“We’re all just like, ‘Man, appreciate your teammates,’” Edwards said. “That’s what you want on your team. Our defense gets to go against him every day. He’s only going to make our corners better, our DBs, our back seven and our whole team better. He’s just a guy who’s confident, man. He knows what to do. He knows what type of player he is.”

Stevenson, fellow rookie Terell Smith and veteran Jaylon Johnson dealt with Moore the most practice throughout camp. Eberflus loved it.

“Because of the elite skill set that he has and the body control and the different speeds and the RPMs (real plus/minus) that he runs at, he’s a hard cover,” Eberflus said. “Nothing but good things are going to happen by covering a guy like that every day. It’s just a way to really enhance your skill, to sharpen your skill and take your skill to the next level if you’re covering a guy like that.”

Everyone knows what happened on Moore’s first catch in a Bears uniform. He turned a quick screen into a 62-yard touchdown against the Tennessee Titans in the preseason opener.

“I got there just in time, and he went right around and scored a touchdown — made magic happen,” left tackle Braxton Jones said. “It’s just nice to have a guy like that who can make explosive plays.”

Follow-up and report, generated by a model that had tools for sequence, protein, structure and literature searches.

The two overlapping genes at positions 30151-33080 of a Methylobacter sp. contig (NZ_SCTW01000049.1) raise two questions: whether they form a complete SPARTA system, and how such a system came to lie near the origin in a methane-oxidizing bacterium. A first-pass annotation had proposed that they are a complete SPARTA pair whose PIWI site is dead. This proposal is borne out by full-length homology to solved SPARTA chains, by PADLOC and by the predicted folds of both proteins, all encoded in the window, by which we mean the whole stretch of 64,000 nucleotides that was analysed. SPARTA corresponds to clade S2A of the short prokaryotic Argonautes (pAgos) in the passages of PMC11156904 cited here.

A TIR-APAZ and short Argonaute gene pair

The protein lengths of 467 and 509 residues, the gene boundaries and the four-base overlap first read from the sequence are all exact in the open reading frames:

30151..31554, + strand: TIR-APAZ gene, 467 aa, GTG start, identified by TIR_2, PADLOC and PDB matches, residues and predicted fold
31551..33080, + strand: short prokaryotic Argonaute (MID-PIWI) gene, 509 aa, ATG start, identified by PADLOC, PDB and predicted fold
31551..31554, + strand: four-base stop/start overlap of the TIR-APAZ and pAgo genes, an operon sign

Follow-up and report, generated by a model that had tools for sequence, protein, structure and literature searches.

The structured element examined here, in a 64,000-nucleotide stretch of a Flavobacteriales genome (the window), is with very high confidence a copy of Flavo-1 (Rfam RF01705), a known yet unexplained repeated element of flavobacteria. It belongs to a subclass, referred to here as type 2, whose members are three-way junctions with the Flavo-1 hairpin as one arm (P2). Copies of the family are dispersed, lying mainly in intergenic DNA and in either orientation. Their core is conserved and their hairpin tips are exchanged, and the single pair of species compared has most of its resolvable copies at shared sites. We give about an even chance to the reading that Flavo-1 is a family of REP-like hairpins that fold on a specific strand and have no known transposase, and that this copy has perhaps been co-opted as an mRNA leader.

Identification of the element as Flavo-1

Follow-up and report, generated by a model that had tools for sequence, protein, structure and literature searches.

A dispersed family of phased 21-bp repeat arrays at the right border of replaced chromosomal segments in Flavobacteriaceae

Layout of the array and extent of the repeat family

More than a week later, Jones still was surprised it happened. He expected the back-side defenders to recover and get Moore after he and guard Teven Jenkins made their blocks.

The Titans didn’t, though. Jones knows better now.

“He’s so fast and gets in and out of there,” Jones said. “I look back and I try to finish my guy one more time to the ground and then I look back and he’s already near the touchdown.”

And that’s all part of the DJ Moore excitement. He still surprised the Bears with what he did.

In the Bears’ final preseason game against the Buffalo Bills, Moore caught a pass over the middle, broke three tackles and finished with a 40-yard catch-and-run.

“His acceleration is better than I thought,” Eberflus said. “And then his change of speed, his start and stop is really good. He can go from a very high RPMs down to almost a stop; he can stop on a dime. And then also pick up that speed right away. So that’s what’s really hard. He can vary the RPMs. And he can do that at a fast rate, with his ability to start and stop on a dime.”

The Bears measure all of that.

His presence should make things easier for Fields and Getsy. In June, Fields described Moore’s body language as easy to read on the field. In July, Poles said on the “Hoge & Jahns” podcast that Moore can be “duct tape” for Fields. This week, Eberflus called Moore an elite competitor. There’s not much loafing on his film, if any.

“I just love the way he works,” Eberflus said. “I just can’t tell you that enough. I just really do. I think it’s a great example for our football team. And it’s a great example for offense, defense, kicking. It’s really for everybody.”

(Top photo: Michael Reaves / Getty Images)